ETCS – the European Train Control System – is a standardized signalling and train control technology that allows trains to cross national borders without the need to stop to change locomotives.
Why is ETCS needed?
Train control – which allows signalling to stop trains – was first introduced more than a century ago. Incompatible national train control standards are now a major barrier to international traffic along Europe’s rail arteries.
• There are currently more than 20 different train control systems in use across Europe.
• Adapting a single locomotive to work on a neighbouring national network can cost more than €2 million.
How does ETCS help?
Trains fitted with ETCS are able to operate freely over suitablyequipped track in any country. Cab signalling is a vital part of ETCS. This makes it possible not only to get rid of conventional signals but also to operate safely at speeds up to 500kmh. In Europe, more than 40,000km of ETCS track is now in operation across 24 countries.
ETCS Level 1
This is the basic version of ETCS and can be easily superimposed over existing national signalling systems. It provides train protection, speed supervision and cab signalling.
ETCS Level 2
The benchmark for main line and high-speed signalling projects. Continuous track-to-train radio delivers performance enhancements and means lineside signals are not needed.
ETCS Level 3
Currently in development, ETCS Level 3 promises significant capacity gains, further reductions in lineside infrastructure and the potential for train automation.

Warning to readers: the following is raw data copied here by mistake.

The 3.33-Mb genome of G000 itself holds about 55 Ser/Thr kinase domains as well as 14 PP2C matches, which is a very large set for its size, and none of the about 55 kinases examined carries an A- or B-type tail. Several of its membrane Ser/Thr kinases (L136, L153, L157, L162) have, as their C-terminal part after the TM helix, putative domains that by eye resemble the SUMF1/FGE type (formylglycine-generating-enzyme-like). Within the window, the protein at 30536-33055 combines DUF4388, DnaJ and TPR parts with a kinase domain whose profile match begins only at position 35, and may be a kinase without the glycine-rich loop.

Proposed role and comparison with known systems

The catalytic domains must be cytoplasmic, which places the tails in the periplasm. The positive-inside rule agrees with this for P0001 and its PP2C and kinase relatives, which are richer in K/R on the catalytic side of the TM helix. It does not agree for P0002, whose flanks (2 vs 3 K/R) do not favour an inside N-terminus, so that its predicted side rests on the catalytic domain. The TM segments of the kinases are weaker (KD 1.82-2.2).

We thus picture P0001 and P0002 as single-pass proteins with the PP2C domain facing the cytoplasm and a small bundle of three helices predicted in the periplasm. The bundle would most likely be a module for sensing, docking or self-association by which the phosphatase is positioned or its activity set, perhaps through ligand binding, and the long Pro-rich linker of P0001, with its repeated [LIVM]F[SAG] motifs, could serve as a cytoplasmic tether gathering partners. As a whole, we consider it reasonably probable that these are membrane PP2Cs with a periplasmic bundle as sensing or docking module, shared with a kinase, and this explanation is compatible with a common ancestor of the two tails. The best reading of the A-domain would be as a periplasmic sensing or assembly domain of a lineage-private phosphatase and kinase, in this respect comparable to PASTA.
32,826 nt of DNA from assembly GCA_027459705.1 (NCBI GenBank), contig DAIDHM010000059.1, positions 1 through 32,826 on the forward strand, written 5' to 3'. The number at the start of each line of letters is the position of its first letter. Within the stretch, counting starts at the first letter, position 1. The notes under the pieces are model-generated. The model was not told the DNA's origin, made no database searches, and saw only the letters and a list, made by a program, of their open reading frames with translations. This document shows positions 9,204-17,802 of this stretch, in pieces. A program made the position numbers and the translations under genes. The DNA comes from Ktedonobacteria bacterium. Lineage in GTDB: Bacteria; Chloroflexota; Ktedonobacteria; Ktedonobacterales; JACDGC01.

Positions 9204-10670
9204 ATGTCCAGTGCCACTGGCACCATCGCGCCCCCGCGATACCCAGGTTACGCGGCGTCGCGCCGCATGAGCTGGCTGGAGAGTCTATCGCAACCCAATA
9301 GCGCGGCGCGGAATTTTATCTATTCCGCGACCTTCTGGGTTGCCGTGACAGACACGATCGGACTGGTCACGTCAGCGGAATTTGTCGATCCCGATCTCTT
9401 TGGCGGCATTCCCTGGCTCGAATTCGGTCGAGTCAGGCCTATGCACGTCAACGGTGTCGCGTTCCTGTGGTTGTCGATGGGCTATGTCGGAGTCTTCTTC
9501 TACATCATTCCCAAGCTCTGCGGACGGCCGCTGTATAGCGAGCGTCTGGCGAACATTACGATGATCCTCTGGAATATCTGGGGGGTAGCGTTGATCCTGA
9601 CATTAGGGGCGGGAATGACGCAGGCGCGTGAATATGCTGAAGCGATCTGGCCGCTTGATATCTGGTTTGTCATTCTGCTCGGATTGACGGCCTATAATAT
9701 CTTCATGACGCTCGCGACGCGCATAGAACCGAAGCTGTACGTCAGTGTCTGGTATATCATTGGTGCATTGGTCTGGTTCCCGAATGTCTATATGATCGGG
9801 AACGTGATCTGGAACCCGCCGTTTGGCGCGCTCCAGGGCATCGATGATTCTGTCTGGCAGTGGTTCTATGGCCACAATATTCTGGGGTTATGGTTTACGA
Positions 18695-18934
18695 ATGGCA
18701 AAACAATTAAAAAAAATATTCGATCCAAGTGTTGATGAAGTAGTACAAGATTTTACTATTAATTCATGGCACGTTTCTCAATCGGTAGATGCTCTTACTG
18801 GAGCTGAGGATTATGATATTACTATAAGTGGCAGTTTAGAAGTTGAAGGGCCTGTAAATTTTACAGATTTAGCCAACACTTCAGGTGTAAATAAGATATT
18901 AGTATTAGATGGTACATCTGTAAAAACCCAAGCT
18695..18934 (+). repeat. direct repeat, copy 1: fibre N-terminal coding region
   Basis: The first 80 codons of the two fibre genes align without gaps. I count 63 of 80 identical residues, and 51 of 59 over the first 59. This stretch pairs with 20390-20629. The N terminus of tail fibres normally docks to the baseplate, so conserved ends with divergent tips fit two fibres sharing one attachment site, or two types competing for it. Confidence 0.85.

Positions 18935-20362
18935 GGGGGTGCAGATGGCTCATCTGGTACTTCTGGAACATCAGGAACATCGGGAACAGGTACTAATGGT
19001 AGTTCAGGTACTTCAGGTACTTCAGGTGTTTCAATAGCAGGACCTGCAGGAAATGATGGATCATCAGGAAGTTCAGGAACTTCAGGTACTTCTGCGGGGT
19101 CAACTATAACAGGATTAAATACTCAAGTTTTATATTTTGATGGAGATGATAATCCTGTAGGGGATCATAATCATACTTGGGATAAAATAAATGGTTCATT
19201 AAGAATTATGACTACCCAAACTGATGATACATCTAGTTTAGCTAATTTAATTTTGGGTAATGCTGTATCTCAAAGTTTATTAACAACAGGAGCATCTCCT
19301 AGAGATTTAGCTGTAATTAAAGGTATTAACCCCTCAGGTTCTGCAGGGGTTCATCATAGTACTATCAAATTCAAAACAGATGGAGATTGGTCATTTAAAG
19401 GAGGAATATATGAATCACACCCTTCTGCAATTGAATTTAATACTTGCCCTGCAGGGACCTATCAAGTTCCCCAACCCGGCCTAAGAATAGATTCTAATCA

Global ETCS deployments
More than 80,000km of the worldwide rail network is now equipped or is contracted to be equipped with ETCS, up from less than 40,000km in 2010.
10,000 rail vehicles globally are now equipped for ETCS operation.
In the Middle East and Asia, ETCS is deployed over more than 33,000km of track in 9 countries including Saudi Arabia, India and China.
ETCS is emerging as the standard for Africa, with more than 7,000km of ETCS lines in 7 countries from Algeria to Zambia.
Thales and ETCS
Thales has led the deployment of ETCS right from the start. The company delivered the world’s first commercial ETCS Level 1 project back in 1999. It also delivered the first cross-border ETCS implementation in Europe and the first ETCS in the Americas.
Today, Thales’ ETCS solutions are deployed in the world’s most prestigious and demanding rail projects. Among these are Switzerland’s Lötschberg and Gotthard tunnels beneath the Alps and Saudi Arabia’s North-South Railway across the uninhabited An Nafud desert.
Today, Thales’ ETCS solutions are deployed in the world’s most prestigious and demanding rail projects.
ETCS around the world
ETCS was developed to promote interoperability across Europe but it is being rapidly adopted by operators worldwide whether they have borders to cross or not.
More trains – ETCS boosts the capacity of existing networks by up to 40%.
Reliability improvements – radio-based communications and reduced infrastructure means there’s less to go wrong.
Open supply market – trackside and on-board equipment is produced by multiple suppliers in a competitive market place.
Lower cost of ownership – elimination of trackside equipment, including signals, means reduced maintenance costs.